One day Rap was waiting in the alley for Anthony to bring him the cash from a deal. But something went wrong because Anthony was late and when he came he didn’t have the money. Rap thought Anthony’s mother took the money off him. Anthony was crying telling Rap that the men had taken the drugs and beat him up. Rap was mad. He didn’t believe Anthony so he pulled out his gun, put it to Anthony’s head, pulled the trigger. Rap got out of there fast but later the police came looking for him. Rap tried to shoot the cop but the cop shot him in the leg. They arrested him and the judge sent him upstate to do time.
Everyone was quiet after Edmund told his story. He had told it so compellingly and with such conviction that although he had barely raised his voice above a whisper, he had held us all spellbound. I figured at least part of it must have been true. Anthony may have been his cousin or some neighborhood friend.
I was about to comment on what good storytelling it was when one of the other kids, Chris, suddenly turned to Edmund and said “Word up, Man.” Then someone else said “Word up, Man,” and pretty soon everyone in the room was looking at Edmund and saying “Word up, Word up.” I had heard them say it before when expressing agreement with the speaker. Like people exclaiming Amen! in church. Then Chris turned to me and said, “Rap’s his name, Miss Murphy. That story’s about him. That’s how he got sent to Parker.”
I stared at Chris, hardly able to understand what he was saying. Edmund was a dealer? Edmund was Rap? Edmund put a gun to a ten-year-old boy’s head and shot him? I looked at Edmund, waiting for him to deny it, to tell Chris he was a liar, but he didn’t move; but just looked down at the desk and didn’t look up again for a long time.
I felt as if I was going to be sick. I knew they had all done things against the law, but I thought it was stuff like shoplifting or writing graffiti on subway cares or running away from home. We had been having such fun telling stories to each other. But Edmund was a murderer and I was the only naïve jerk who didn’t know it. I felt as if I’d been lied to.
The session was almost over, and I was trying hard to control my voice as I gave out assignments for next week. When the bell rang, the boys pulled their books together and ran out, telling me they’d see me next week and to bring more stories.
Soon they were all gone except Edmund, who still sat looking down at his desk. After a few minutes, he walked over to where I was pretending to be busy, shoving books and papers into my bag. I couldn’t look at him. He said, “Are you mad at me because of my story?” I thought of Anthony with a gun touching his head, Edmund standing over him, how scared he must have been. “Are you mad at me because of my story?” Edmund said again. I opened my mouth to say something but started to cry instead. I didn’t know I was going to do that but I couldn’t help it. I stood there crying and Edmund stood there watching me, still waiting for an answer, I guess. When I pulled myself together I said, “No, Edmund, I’m not mad at you.” Then he said, “Can I come back to the storytelling next week?”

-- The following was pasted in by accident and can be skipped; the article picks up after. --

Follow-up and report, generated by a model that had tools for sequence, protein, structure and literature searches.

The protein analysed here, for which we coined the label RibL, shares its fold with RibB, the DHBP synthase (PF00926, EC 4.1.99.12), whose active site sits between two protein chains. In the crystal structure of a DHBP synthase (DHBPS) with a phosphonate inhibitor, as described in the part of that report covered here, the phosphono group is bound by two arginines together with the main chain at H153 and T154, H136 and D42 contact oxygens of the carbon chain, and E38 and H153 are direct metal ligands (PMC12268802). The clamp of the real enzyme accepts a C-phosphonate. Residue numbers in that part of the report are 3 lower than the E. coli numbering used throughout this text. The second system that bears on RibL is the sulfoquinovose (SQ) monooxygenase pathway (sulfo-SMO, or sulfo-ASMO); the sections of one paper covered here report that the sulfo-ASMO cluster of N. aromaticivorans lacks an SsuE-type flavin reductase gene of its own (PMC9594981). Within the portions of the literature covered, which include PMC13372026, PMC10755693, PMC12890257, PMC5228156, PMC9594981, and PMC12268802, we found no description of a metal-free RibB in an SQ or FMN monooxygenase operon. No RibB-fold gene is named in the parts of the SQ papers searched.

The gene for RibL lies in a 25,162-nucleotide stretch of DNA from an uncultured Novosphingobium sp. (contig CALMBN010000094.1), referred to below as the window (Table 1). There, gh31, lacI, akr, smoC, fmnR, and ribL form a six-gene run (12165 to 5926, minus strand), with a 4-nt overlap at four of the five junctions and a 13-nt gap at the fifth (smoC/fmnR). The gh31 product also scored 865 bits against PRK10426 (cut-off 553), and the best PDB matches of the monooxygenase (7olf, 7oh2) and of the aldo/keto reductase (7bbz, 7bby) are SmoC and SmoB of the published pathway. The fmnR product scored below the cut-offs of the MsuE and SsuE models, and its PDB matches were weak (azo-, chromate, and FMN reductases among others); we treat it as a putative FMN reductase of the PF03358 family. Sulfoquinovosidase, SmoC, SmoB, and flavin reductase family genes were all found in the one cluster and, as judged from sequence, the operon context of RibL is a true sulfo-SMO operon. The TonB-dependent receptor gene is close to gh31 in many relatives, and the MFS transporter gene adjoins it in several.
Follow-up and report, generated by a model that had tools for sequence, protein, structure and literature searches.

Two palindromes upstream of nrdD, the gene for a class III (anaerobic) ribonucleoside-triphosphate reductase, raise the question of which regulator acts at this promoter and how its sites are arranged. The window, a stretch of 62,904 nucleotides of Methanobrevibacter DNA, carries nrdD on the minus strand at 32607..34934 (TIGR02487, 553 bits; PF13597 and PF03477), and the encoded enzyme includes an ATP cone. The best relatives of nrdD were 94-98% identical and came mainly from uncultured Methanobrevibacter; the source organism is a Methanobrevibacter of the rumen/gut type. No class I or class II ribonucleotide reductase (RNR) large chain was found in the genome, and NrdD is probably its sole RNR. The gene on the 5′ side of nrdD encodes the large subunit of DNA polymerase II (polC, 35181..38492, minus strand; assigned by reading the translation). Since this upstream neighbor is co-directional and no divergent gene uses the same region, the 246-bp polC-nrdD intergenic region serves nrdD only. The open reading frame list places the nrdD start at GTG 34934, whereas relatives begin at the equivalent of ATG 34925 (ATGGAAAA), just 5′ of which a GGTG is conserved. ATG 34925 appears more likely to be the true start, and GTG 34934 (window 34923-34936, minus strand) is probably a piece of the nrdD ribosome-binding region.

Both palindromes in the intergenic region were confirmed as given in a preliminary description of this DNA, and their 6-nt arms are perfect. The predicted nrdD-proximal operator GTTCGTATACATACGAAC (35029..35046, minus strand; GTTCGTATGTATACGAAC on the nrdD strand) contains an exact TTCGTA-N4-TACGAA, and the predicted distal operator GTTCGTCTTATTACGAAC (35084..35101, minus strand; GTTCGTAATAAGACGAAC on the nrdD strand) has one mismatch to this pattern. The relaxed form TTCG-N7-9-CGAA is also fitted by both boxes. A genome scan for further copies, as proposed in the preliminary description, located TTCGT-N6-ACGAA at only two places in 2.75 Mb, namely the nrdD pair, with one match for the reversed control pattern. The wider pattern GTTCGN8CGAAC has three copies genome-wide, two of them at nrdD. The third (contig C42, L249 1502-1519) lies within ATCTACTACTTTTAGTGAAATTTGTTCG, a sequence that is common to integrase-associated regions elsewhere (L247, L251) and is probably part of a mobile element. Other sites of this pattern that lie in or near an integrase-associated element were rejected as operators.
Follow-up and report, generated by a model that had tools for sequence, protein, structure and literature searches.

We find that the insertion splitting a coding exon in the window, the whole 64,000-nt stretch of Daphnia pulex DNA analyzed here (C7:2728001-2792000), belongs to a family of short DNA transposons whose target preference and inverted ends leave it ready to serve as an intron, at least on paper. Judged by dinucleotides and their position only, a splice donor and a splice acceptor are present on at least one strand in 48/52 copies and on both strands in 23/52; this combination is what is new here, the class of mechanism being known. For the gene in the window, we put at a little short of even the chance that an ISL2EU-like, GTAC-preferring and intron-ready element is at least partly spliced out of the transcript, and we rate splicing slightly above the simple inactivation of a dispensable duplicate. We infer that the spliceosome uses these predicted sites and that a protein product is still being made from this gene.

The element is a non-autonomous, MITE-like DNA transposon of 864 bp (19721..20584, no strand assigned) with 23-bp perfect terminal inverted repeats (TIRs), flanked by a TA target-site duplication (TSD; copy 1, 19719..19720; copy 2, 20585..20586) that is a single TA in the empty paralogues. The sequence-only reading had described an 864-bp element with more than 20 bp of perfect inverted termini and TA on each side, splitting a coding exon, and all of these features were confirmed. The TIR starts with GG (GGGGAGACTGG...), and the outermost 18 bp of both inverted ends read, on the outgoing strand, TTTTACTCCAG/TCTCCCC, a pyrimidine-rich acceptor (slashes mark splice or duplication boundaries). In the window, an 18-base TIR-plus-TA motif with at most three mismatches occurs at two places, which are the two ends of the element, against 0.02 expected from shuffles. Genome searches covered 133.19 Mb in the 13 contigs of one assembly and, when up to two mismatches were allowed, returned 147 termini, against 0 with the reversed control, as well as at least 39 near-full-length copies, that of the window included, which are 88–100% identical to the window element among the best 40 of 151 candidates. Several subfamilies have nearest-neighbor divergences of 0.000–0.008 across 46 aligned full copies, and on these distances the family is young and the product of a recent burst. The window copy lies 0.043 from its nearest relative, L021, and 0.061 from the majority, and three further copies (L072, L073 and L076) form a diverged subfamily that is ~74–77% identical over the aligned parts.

I looked at Edmund—educationally disadvantaged member of a minority group in need of services—drug dealer, corrupter of young children, coldblooded killer. Desperately tring to hide his grotesquely shaped hand behind he back, actually holding it behind him with his good hand. And I said, “Yes, Edmund, you can come back next week. See you Monday.” He nodded then and left the room.
A few weeks after I had finished at Parker, I got a bunch of “thank you for coming” letters from the boys sent by their English teacher. Among them was one from Edmund. It said:
Dear Ms. Murphy,
I wanted to say thank you for coming up and taking your time for coming up here at Eddie A. Parker and reading—or—telling us stories. I must say the stories you told was really excellent. Even though I felt asleep. But when I was—or—I did stay awake, your stories sound great. You know I wanted to say something to you. Telling stories is a gift. There aren’t that many people out their who could tell stories like you. You are a lucky person. You are a good person. Good things come to good people.
Edmund J. Austin
Copyright © 1994 Mary Murphy firstname.lastname@example.org